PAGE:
There are over 90 federal broadband programs for internet expansion and affordability aid including:
- Affordable Connectivity
- Tribal Broadband Connectivity
- Dept. of Housing and Urban Development
- Connecting Minority Communities
State programs for rural internet expansion
Mississippi, Alaska and West Virginia are the lowest states in internet connectivity. This is due to the remoteness of the areas and the scattered population. “Broadband expansion in West Virginia has been hindered by the cost of extending networks into mountainous rural areas,” according to a report from the state.
State broadband deployments are mostly funded with federal monies from the abovementioned programs. Some states have partnered with broadband providers to handle their rural connection issues on a smaller scale, particularly to fund the “last mile” of serviceability. This is the connection from the main road or cabling area that runs to the structure in need of internet service.
For example, Maine’s Reach Me program incentivizes internet service providers to complete their existing networks by extending service to all unserved locations in their service areas.
Other rural internet options
5G home internet is not the only viable internet service option to bridge the rural broadband gap. Satellite and fiber internet deployment can also reach underserved or unserved areas of the U.S., in some cases.
About satellite internet
Companies like Starlink are launching satellites to provide speeds from 100 Mbps and higher to remote areas worldwide. Starlink starts at $90/mo., which is a bit steeper than other types of internet service.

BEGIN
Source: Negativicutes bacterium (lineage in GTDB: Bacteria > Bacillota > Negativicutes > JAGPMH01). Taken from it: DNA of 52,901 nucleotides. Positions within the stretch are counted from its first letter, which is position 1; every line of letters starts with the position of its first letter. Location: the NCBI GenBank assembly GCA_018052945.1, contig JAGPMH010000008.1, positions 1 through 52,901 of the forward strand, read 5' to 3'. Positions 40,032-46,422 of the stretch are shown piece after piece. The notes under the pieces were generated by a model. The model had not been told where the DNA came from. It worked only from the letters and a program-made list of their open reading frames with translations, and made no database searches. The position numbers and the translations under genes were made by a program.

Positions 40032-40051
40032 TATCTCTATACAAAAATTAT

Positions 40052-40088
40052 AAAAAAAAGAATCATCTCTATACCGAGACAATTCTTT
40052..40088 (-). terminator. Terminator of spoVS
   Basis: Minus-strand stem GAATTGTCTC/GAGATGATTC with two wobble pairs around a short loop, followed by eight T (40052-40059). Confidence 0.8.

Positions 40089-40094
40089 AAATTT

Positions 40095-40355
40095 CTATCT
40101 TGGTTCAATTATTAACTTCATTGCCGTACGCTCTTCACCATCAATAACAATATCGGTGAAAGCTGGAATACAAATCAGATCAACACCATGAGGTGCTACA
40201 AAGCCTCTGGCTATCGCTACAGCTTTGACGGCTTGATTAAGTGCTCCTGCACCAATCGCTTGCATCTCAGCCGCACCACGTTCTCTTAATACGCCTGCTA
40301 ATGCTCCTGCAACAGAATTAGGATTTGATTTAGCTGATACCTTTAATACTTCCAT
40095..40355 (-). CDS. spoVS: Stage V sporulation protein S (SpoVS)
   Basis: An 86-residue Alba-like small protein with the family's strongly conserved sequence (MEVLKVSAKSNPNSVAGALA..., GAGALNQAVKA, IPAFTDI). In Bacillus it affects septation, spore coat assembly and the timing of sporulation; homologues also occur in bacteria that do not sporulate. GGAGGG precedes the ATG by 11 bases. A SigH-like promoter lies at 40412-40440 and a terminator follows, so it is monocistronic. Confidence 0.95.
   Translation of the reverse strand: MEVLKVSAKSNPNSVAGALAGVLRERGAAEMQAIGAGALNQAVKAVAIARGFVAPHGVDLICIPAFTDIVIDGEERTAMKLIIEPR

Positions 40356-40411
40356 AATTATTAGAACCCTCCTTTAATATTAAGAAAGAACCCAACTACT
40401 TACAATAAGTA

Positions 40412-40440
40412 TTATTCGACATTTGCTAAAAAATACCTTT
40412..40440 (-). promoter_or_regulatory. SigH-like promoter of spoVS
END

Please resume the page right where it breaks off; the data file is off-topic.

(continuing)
The company hopes to expand its current availability of about 75% of the U.S. There are waitlists for some areas in the South and East.
About fiber internet
Fiber cables can deliver fast internet with symmetrical download and upload speeds, making it ideal for large households, work-from-home internet users and heavy gamers.
However, it’s very expensive for internet service providers to install, so putting that infrastructure across hundreds of miles in a rugged rural area is often impossible. In fact, only 37.3% of U.S. homes currently have access to at least one fiber internet provider.
The expensive build-out costs aren’t reflected in consumer pricing, however. Popular fiber providers like AT&T, Google Fiber and Verizon Fios start with industry average prices between $50 and $70/mo. and deliver speeds starting at 300 Mbps.
As the FCC moves forward in its plan to offer a 5G Fund Phase I auction for providers, we can assume that more 5G-capable towers will eventually be built in underserved or unserved areas of rural America. Although the infrastructure won’t be in place anytime soon, the $9 billion 5G Fund will connect more people to the internet and provide more mobile phone coverage to those who need it most.
Written by:Robin Layton
Editor, Broadband Content
Robin Layton is an editor for the broadband marketplace Allconnect. She built her internet industry expertise writing and editing for four years on the site, as well as on Allconnect’s sister site MYMOVE.com. … Read more